PROMOTED VIDEO
Life and Style
ebookNow available in paperback
ebooks
ebookPart of The Independent’s new eBook series The Great Composers
Life and Style
Suited and booted in the Lanvin show at the Paris menswear collections
fashionParis Fashion Week
News
i100
Arts and Entertainment
Kara Tointon and Jeremy Piven star in Mr Selfridge
tvActress Kara Tointon on what to expect from Series 3
Voices
Winston Churchill, then prime minister, outside No 10 in June 1943
voicesA C Benson called him 'a horrid little fellow', George Orwell would have shot him, but what a giant he seems now, says DJ Taylor
News
i100
News
An asteroid is set to pass so close to Earth it will be visible with binoculars
news
News
Latest stories from i100
Have you tried new the Independent Digital Edition apps?
Independent Dating
and  

By clicking 'Search' you
are agreeing to our
Terms of Use.

ES Rentals

    iJobs Job Widget
    iJobs Gadgets & Tech

    Ashdown Group: Systems Analyst - Tunbridge Wells - £30,000

    £25000 - £30000 per annum: Ashdown Group: Junior Test Analyst/Systems Administ...

    Recruitment Genius: Software Developer - .NET, C#

    £40000 - £65000 per annum: Recruitment Genius: A Global Real Estate Software P...

    Recruitment Genius: Drupal / PHP Developer

    Negotiable: Recruitment Genius: This is an exciting opportunity for a talented...

    Recruitment Genius: IT Technical Support Engineer

    £17000 - £26000 per annum: Recruitment Genius: Due to continuing growth, recru...

    Day In a Page

    Syria crisis: Celebrities call on David Cameron to take more refugees as one young mother tells of torture by Assad regime

    Celebrities call on David Cameron to take more Syrian refugees

    One young mother tells of torture by Assad regime
    The enemy within: People who hear voices in their heads are being encouraged to talk back – with promising results

    The enemy within

    People who hear voices in their heads are being encouraged to talk back
    'In Auschwitz you got used to anything'

    'In Auschwitz you got used to anything'

    Survivors of the Nazi concentration camp remember its horror, 70 years on
    Autumn/winter menswear 2015: The uniforms that make up modern life come to the fore

    Autumn/winter menswear 2015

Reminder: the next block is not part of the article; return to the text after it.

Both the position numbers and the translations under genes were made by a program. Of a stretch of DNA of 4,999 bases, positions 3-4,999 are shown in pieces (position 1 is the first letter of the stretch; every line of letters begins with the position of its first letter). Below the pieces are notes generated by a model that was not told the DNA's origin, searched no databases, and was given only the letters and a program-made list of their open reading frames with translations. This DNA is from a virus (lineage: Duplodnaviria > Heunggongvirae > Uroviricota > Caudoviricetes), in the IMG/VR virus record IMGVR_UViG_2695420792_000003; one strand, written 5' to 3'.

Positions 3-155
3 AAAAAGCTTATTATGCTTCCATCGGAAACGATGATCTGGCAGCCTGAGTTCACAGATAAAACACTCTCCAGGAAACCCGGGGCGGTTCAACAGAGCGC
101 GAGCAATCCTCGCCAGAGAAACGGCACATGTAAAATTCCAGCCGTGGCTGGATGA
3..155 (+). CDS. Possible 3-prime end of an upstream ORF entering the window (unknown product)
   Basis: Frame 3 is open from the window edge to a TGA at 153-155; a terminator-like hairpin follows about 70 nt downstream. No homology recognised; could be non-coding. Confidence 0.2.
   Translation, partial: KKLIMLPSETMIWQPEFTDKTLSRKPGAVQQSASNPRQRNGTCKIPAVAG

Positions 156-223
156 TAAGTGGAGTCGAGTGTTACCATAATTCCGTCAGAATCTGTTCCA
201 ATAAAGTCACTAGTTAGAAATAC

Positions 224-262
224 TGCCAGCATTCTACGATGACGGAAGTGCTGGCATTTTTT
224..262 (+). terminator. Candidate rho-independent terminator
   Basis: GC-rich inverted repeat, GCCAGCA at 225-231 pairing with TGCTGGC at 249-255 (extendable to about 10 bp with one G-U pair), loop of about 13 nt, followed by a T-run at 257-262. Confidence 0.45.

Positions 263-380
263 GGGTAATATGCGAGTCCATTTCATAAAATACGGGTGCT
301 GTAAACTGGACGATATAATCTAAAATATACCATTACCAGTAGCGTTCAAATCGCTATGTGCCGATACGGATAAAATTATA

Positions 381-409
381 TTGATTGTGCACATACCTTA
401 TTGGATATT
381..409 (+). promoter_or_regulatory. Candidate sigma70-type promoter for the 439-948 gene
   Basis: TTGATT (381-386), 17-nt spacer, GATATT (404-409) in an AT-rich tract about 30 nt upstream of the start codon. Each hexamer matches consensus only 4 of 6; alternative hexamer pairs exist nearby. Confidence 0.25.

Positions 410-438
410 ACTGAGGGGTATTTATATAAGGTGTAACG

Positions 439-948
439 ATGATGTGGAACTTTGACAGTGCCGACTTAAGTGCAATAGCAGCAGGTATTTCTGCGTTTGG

The uniforms that make up modern life come to the fore
    'I'm gay, and plan to fight military homophobia'

    'I'm gay, and plan to fight military homophobia'

    Army general planning to come out
    Iraq invasion 2003: The bloody warnings six wise men gave to Tony Blair as he prepared to launch poorly planned campaign

    What the six wise men told Tony Blair

    Months before the invasion of Iraq in 2003, experts sought to warn the PM about his plans. Here, four of them recall that day
    25 years of The Independent on Sunday: The stories, the writers and the changes over the last quarter of a century

    25 years of The Independent on Sunday

    The stories, the writers and the changes over the last quarter of a century
    Homeless Veterans appeal: 'Really caring is a dangerous emotion in this kind of work'

    Homeless Veterans appeal

    As head of The Soldiers' Charity, Martin Rutledge has to temper compassion with realism. He tells Chris Green how his Army career prepared him
    Wu-Tang Clan and The Sexual Objects offer fans a chance to own the only copies of their latest albums

    Smash hit go under the hammer

    It's nice to pick up a new record once in a while, but the purchasers of two latest releases can go a step further - by buying the only copy
    Geeks who rocked the world: Documentary looks back at origins of the computer-games industry

    The geeks who rocked the world

    A new documentary looks back at origins of the computer-games industry
    Belle & Sebastian interview: Stuart Murdoch reveals how the band is taking a new direction

    Belle & Sebastian is taking a new direction

    Twenty years ago, Belle & Sebastian was a fey indie band from Glasgow. It still is – except today, as prime mover Stuart Murdoch admits, it has a global cult following, from Hollywood to South Korea
    America: Land of the free, home of the political dynasty

    America: Land of the free, home of the political dynasty

    These days in the US things are pretty much stuck where they are, both in politics and society at large, says Rupert Cornwell
    A graphic history of US civil rights – in comic book form

    A graphic history of US civil rights – in comic book form

    A veteran of the Fifties campaigns is inspiring a new generation of activists
    Winston Churchill: the enigma of a British hero

    Winston Churchill: the enigma of a British hero

    A C Benson called him 'a horrid little fellow', George Orwell would have shot him, but what a giant he seems now, says DJ Taylor
    Growing mussels: Precious freshwater shellfish are thriving in a unique green project

    Growing mussels

    Precious freshwater shellfish are thriving in a unique green project